Although I have to ask, how is your 5th paragraph related to open vs closed source? Couldn't the same thing be done in a closed source system? Or is the point that in an open source system, there are more opportunities for participation, producing a more robust "consulting" network (and therefore is one particular reason why open source works?)?dd –  Joshua Apr 27 '10 at 17:53
    
There are still a few places like DinkumWare and RogueWave that license proprietary C++ source code (i.e. closed source) What is different is that few are attempting to protect IP by handing customers C++ header and binaries. However, there are a few (like Numerix) that do use this model, at least they did a few years ago. The problem with that of course is that you must maintain a build for every possible customer configuration, and cannot deliver template code. This limits your competetiveness typically far more that if your competitor just stole your code. –  Lance Diduck May 1 '10 at 15:35

If a compiler doesn't "support" RTTI, does that mean that the compiler can not handle class hierarchies that have virtual functions in them?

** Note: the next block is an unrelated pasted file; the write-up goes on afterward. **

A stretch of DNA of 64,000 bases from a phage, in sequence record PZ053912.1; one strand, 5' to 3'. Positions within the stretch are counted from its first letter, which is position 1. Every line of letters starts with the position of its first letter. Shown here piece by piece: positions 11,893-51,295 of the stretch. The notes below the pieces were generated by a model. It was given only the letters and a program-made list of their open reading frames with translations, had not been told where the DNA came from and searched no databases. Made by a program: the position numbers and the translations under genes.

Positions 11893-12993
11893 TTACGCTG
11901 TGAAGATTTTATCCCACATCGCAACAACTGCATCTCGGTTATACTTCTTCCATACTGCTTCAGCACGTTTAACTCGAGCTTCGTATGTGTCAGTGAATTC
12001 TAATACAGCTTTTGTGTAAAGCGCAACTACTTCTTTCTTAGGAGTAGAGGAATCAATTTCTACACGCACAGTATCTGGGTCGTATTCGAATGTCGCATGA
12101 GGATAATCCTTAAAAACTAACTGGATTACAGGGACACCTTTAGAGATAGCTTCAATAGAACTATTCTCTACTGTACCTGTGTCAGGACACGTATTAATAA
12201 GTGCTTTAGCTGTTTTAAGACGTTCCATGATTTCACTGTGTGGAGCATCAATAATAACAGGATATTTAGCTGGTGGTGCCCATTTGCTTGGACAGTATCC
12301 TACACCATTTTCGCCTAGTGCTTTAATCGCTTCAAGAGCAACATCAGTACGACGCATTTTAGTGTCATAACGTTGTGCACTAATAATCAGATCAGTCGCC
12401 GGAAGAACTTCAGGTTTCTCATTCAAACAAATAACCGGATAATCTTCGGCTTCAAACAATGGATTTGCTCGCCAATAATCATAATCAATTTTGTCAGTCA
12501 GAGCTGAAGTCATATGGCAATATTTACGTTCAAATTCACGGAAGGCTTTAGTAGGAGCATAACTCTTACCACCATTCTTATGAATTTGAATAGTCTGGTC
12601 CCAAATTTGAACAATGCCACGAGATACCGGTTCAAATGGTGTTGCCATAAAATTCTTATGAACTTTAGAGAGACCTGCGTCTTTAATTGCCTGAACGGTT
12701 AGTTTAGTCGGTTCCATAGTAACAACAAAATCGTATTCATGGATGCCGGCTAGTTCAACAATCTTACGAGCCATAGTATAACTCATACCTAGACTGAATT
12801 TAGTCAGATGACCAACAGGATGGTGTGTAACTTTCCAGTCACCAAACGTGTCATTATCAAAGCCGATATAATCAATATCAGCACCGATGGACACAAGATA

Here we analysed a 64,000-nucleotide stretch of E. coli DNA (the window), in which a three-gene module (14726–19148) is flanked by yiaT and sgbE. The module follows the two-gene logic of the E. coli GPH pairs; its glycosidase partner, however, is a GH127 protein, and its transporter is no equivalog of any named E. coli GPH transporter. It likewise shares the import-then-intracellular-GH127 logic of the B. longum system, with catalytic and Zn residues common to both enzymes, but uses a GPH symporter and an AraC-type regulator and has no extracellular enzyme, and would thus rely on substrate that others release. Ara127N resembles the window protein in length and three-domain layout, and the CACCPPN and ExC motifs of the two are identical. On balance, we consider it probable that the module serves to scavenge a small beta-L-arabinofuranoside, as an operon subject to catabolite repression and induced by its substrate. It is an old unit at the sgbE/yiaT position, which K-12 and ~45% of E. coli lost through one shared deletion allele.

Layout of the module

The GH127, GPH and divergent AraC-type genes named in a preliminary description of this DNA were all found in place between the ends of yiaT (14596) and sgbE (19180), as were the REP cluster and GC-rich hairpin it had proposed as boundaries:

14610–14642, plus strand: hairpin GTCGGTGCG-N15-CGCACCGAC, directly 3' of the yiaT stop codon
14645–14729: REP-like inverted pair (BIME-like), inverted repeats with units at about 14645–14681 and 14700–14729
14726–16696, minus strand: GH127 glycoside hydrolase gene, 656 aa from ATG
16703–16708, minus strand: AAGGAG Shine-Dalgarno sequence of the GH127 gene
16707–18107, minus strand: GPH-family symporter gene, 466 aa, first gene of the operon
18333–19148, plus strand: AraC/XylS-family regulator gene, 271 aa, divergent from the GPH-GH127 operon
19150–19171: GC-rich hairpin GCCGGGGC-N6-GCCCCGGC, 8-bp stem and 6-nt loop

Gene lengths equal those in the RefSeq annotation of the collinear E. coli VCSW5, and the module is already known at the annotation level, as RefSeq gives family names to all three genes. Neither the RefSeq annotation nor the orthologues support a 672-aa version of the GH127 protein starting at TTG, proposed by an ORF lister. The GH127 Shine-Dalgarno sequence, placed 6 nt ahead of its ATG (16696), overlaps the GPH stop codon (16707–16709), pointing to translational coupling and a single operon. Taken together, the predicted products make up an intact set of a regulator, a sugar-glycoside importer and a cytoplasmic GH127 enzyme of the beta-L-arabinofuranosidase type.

Generally all modern C++ compilers support RTTI... So forget about it.

Or have I been misunderstanding the literature about how RTTI isn't portable, and the issues lie elsewhere?

RTTI today is portable and works fine on any modern compiler... However some special cases may occur.

Under ELF platforms (Linux) when you load libraries dynamically (i.e. dlopen) and try to perform dynamic_cast to some class between library and executable it may fail if you do not pass correct flags for linking executable (-rdynamic).

Almost any other cases... Just works.

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The only part of RTTI that is unportable is the format of strings returned from type_info::name().

Even this has a fighting chance so long as you can find a c++filt tool for your compiler that converts (unmangles) such a string back into a compliant C++ type.